FDA wants Americans to consume less salt, and issues new guidance to the food industry
The Food and Drug Administration (FDA) is asking food producers and restaurants to reduce the amount of salt in their products over the next two and a half years.
The goal is to reduce Americans total sodium intake by 12%.
The agency released the overarching recommendation on Wednesday, and it is expected to cover a wide range of food products from baby food to chain restaurant meals.
Dr. Janet Woodcock, the acting FDA commissioner, told NBC News that "what wed like to see is the food industry gradually lower the sodium content" in the most common foods.
Woodcock stated that the initiative's goal is to decrease rates of heart disease, which is the nation''' s 'numerous cause of death'.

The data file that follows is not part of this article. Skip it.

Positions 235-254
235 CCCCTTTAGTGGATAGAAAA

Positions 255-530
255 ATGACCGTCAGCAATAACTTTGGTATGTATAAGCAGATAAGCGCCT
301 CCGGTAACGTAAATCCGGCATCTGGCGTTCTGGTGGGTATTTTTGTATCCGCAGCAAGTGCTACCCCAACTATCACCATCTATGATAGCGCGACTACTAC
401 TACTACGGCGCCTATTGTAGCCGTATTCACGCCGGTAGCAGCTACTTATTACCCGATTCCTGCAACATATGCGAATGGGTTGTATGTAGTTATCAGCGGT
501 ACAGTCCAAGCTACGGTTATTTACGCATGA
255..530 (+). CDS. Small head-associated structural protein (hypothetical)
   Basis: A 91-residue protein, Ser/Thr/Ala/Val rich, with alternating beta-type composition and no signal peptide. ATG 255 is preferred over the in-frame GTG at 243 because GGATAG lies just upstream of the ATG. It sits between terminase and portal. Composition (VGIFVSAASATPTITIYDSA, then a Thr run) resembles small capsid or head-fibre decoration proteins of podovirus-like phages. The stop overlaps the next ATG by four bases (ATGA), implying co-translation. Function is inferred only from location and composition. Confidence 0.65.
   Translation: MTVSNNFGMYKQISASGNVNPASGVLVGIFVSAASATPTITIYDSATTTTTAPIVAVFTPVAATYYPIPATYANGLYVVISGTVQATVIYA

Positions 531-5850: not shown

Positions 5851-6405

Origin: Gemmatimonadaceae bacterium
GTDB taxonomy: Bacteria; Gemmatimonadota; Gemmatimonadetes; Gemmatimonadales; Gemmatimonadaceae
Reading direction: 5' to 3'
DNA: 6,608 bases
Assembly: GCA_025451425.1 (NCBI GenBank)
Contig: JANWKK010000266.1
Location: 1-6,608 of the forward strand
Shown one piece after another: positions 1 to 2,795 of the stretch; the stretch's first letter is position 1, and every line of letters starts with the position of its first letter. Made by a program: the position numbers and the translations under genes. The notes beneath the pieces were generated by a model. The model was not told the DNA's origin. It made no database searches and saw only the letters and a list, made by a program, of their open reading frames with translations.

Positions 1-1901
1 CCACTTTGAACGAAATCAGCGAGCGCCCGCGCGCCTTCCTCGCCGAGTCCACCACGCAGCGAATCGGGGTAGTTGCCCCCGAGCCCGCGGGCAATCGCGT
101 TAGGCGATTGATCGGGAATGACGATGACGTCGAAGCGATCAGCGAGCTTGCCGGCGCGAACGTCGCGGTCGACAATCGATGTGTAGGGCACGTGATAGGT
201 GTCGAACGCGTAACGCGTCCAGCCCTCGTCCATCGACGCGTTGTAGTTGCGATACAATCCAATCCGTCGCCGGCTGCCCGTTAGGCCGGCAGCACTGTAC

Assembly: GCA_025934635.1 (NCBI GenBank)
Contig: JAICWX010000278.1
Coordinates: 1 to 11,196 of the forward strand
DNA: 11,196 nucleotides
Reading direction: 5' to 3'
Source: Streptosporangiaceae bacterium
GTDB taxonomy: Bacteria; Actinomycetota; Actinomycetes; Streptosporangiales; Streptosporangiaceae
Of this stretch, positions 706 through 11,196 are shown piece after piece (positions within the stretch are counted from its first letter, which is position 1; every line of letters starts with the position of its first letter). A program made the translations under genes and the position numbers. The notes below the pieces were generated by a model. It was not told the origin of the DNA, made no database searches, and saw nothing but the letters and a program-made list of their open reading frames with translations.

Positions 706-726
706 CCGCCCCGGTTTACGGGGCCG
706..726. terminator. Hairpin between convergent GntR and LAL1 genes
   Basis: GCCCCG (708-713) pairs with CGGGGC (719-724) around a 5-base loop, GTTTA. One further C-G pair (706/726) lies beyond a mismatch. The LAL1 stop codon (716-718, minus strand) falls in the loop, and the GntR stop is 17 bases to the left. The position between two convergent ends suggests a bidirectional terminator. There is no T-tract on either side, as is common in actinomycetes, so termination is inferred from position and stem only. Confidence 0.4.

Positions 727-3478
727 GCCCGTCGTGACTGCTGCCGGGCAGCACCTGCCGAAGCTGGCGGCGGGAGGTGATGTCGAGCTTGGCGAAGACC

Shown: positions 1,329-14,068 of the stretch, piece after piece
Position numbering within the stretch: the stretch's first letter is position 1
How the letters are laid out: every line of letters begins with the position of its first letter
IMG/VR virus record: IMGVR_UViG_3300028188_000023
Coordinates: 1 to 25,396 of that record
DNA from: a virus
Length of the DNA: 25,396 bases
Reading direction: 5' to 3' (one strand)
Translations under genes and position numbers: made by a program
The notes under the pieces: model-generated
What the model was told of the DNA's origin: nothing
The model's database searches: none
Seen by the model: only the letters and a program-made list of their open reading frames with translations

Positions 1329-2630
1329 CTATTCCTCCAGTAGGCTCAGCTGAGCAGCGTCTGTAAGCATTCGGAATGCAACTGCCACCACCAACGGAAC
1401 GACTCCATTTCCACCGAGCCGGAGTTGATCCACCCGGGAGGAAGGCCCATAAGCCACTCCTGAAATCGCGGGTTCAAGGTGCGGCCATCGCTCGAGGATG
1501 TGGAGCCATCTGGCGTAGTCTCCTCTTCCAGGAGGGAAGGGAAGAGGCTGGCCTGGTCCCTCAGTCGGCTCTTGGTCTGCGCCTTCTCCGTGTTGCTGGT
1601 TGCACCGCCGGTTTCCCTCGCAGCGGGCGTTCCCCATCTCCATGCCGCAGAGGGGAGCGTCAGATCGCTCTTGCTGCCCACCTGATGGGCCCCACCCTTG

Adults should not consume more than 2,300 milligrams of sodium per day, or about one teaspoon of table salt, according to current FDA guidelines.
However, according to the FDA, the average American consumes about 3,400 milligrams of sodium each day.
According to Woodcock, the new FDA recommendations aim to reduce that to 3,000 milligrams of sodium each day, or 12% less than the average American is eating.
While the 3,000 milligram goal does not meet the recommended daily consumption of 2,300 millimg of sodium, experts believe that the guidelines are a good first step to address the problem of high blood pressure.
The new guidelines are non-binding, which means that businesses are not required to follow them.
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